Read college level textbooks Even developmental and workforce textbooks require higher reading and comprehension levels. Instructors may offer assistance with a specific concept, but they cannot teach someone how to read or explain each and every concept one-on-one. In college, it is the student’s responsibility to hire and pay for private tutors when needed.
Write competently Writing in complete sentences and with complete thoughts is essential in almost all college classes, even those that are not English classes.
Have basic level math skills Courses move extremely fast. If the student is confused with mathematical concepts, he/she is responsible for attending math tutoring labs that are provided by the college. Private one-on-one tutoring help will be at the student’s expense.
Think abstractly Discussions in classes will include real-world events, require critical-thinking skills and higher-level thought processes. Students will be required to demonstrate these higher order processes on a daily basis in oral, written and skills formats.
Have an adult maturity level Regular attendance, seeking academic assistance, being academically competitive, being aware of assignment deadlines, drop, withdrawal and payment deadlines, institutional policies, etc., are all student responsibilities.
Students must also behave in an adult manner Outbursts, disruptions in classes, distractions, inability to complete assignments in a timely manner will all have consequences at the college level, just as they would at a job.
Have time management skills Students must be able to prioritize tasks and be able to manage multiple demands.
Have a reasonable level of competency with technology Registration, homework assignments, tests and other activities will be completed online most of the time. Students should come into college with basic keyboarding and word-processing skills. Access to a computer and internet access at home will greatly help in assuring that assignments and tests are completed on time.

College is created for adults.  Levels of competency, responsibility, maturity and academic standards are much higher than high school.

The norms and rules of college are much more similar to a job than to high school.

  • When possible, schedule appointments with the Accessibility Services Advisor during times while registration is NOT occurring.
    Once registration begins, the counselor will have far less time to focus on any one student.
  • Have up to date documentation for a disability when possible. The Accessibility Services Advisor cannot provide psychological or disability testing, but may be able to give you outside referrals for testing (at the student’s expense).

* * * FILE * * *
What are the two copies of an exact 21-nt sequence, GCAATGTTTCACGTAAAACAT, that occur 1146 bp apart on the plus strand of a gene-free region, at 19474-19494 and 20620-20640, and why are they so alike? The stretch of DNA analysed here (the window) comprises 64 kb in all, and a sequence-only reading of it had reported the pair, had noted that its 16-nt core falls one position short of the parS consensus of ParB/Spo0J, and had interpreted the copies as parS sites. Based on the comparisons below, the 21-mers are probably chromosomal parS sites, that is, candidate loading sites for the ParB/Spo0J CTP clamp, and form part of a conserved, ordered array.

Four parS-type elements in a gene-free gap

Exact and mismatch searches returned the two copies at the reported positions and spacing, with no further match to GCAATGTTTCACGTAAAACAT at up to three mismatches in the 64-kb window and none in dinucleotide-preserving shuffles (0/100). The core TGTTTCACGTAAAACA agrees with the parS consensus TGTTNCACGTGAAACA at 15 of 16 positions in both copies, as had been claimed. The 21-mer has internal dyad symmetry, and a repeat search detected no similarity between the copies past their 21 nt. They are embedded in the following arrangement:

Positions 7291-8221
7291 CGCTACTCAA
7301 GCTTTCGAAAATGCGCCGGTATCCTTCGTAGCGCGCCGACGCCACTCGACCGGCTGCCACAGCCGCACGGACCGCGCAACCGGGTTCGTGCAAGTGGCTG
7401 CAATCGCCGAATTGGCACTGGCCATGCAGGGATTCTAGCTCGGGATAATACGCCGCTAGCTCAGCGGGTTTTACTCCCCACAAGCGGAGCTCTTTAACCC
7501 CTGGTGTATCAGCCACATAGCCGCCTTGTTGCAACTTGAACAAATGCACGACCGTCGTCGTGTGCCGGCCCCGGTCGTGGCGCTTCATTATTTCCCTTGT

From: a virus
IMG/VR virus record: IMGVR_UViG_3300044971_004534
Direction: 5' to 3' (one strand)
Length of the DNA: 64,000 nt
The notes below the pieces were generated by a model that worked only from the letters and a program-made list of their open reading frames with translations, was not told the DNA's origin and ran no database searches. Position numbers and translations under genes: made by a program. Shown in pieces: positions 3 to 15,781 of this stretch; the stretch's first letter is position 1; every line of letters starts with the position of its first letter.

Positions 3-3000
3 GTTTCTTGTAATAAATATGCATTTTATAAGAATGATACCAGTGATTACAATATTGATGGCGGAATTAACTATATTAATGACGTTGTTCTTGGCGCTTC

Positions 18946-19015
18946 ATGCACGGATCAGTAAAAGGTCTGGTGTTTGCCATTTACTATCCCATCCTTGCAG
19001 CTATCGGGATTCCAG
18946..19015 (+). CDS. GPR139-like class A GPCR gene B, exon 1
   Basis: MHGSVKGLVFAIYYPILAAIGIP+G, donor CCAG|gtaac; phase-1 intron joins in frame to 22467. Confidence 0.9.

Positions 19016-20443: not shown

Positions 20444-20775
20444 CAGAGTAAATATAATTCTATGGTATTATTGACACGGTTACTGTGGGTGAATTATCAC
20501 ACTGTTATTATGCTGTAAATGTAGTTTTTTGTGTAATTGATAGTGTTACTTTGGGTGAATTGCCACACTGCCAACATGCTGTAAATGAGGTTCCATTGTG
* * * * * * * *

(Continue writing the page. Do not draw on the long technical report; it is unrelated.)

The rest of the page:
• It is essential to know the current functioning level of the student. As students get older, their level of functioning may change. Testing done when a student is 13 may not be accurate when assessing an 18-year-old, especially if the adult has learned techniques to adjust.
  • Bring all documentation to the initial meeting with the Accessibility Services Advisor. Psychological reports, ARD notes, IEP’s 504 meeting notes, etc., will all help the Advisor assess the most appropriate academic adjustments available to the student.
  • Have assistive technology needs defined and receive training on the technology before coming to college.
  • Have a clear understanding of what self-advocacy is and how to be a self-advocate.
  • Know how IDEA (K-12) differs from ADA and 504 in the college setting. Remember that laws governing K-12 have to do with student success, but laws governing colleges and universities only mandate equal access. College coursework cannot be adjusted in ways that modify the essential skills required for any course.
  • Be realistic in your expectations. If a student has problems in multiple areas that affect academics, college will be a struggle. Don’t expect the Accessibility Services Office or instructors to be able to ‘fix’ every problem a student may face. Academic adjustments can be made, but college success is ultimately determined by the student’s abilities.
  • Plan for your transition to college. Visit several campuses. Talk with other students, Accessibility Services Advisors and professors. Ask tons of questions. Learn how to access catalogs and schedules from each campus. Know what different colleges offer in terms of Accessibility services and academics. Realize that larger institutions will have more services available campus-wide because of increased budgets. However, there will also be more students accessing the services at larger schools.